At least in usual parlance, a metaphor is a figure of speech in which a term and concept is used as a reference to something that it does not literally denote so that a potentially illuminating similarity is revealed.  Isn't Kirzner talking about real-world entrepreneurs?  . . . Arguing that a construct is a metaphor drives a wedge between the reality that the construct is supposed to throw light over and the construct itself.  In particular , use of metaphorical reasoning is different from using models, constructs, or ideal types meant  to capture essential qualities of real phenomena (which a metaphor need not do).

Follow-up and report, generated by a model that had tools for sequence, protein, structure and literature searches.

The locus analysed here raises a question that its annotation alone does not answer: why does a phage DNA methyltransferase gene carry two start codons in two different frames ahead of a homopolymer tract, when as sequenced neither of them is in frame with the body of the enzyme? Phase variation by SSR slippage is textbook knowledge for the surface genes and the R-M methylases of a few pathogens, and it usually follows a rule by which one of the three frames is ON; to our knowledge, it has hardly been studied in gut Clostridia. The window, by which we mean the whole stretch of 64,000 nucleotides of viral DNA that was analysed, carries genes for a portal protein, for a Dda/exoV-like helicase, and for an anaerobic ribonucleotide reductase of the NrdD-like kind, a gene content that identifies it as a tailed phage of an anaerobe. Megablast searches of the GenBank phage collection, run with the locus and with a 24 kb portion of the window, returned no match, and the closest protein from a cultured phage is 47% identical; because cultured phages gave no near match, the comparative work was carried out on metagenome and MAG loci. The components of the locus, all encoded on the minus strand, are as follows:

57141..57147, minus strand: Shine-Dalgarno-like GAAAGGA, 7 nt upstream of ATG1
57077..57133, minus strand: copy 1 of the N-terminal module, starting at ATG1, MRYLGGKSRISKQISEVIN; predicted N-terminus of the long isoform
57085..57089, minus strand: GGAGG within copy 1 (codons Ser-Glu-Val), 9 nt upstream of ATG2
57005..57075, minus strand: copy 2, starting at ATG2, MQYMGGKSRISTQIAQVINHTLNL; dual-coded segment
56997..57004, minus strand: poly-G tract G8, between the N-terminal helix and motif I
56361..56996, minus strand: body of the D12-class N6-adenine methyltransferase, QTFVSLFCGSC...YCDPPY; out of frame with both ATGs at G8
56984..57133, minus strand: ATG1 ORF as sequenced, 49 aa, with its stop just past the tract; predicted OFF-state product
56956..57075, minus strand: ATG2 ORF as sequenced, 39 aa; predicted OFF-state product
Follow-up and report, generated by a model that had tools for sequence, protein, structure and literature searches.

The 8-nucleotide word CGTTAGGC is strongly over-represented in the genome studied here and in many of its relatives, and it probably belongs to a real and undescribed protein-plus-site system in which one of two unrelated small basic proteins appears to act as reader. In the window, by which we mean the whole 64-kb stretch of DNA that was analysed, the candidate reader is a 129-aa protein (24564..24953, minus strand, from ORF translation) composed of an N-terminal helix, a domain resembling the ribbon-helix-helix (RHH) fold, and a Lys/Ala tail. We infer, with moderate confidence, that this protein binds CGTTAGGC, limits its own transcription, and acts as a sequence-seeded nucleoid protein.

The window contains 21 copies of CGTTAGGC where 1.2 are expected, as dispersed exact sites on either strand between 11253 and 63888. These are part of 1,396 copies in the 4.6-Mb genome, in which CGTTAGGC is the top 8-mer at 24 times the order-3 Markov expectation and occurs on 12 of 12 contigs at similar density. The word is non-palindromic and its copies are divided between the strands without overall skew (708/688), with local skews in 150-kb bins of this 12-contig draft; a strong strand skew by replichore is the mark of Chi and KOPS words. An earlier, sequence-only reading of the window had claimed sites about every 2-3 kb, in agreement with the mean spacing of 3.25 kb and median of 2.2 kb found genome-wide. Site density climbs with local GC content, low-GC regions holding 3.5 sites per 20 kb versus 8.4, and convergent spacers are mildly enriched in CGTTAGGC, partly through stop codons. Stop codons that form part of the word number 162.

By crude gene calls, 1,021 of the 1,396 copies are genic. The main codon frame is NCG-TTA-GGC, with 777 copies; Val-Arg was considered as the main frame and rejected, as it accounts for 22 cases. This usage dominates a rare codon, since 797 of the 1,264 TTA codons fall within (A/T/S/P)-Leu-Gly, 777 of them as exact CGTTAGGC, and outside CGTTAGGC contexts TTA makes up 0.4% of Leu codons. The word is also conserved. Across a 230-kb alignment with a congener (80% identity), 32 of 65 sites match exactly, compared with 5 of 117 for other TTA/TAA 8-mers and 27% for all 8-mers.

This statement was challenged by another colloquium participant, who asserted that constructs and models were metaphors in the same way that a map was a metaphor for the actual  highways, roads, and streets whose configuration it depicted.  After all, the map "abstracted from" some essential characteristics of the real phenomena that it represented.  Klein's critic was misled into equating metaphors with models and constructs just because both were abstract.  But, of course, as Mises emphasized repeatedly, all thought is necessarily "abstract."  When we say that a disruptive co-worker is a "hurricane," a brave warrior is a "lion," or an under-performing athlete is a "dog,"  these  are metaphors that refer to real  phenomena that we perceive and that are part of our living experience.  They are abstractions in that they do not call to mind  the multifarious characteristics of these  really existing things things in all their particularity; but neither do they deny them.  In these examples they  refer to one outstanding attribute of an animal or natural occurrence by which we wish to characterize a person's behavior.  Metaphors may also employ mythical or literary figures such as unicorns, ogres, classical demigods, witches and so on, but their purpose is always to highlight an outstanding characteristic of the person or thing to which it is compared. The purpose of an economic construct or model is completely different.   Let us take the construct of the evenly rotating economy.  It is an entirely fictitious construction in which change is completely absent and which is populated  by automatons  who repeat  the same round of activities over and over again and never experience surprise or regret, profit or loss  from the outcome of their endeavors.  This construct is completely imaginary and does not refer to any realizable state of affairs in our world.  In fact it  deliberately specifies conditions that falsify reality.  It is not a metaphor, it was not formulated to make our rhetoric more vivid, intelligible or compelling;  it is a tool of thought used by economists  to  analyze the cause and essence of profit and loss.  Other economic models, like the "plain  state of rest," are  also abstract, but do not falsify reality.  For example, the plain state of rest describes  the outcome of the  process by which real people acting under conditions of uncertainty interact to  bring about actual market prices and exploit the mutual benefits of exchange.   It is abstract in the sense that it does not refer to the actors's hair color, weight, age,  religion, etc., but it does not make any false or contradictory analytical assumptions.  And it also is not a metaphor, comparing one thing to a different thing, but the description of the essence of a real process of human interaction. Klein's provocative presentation evoked many other thoughtful comments, challenges,  and objections during the colloquium, but in my judgment Peter expounded and defended his position superbly.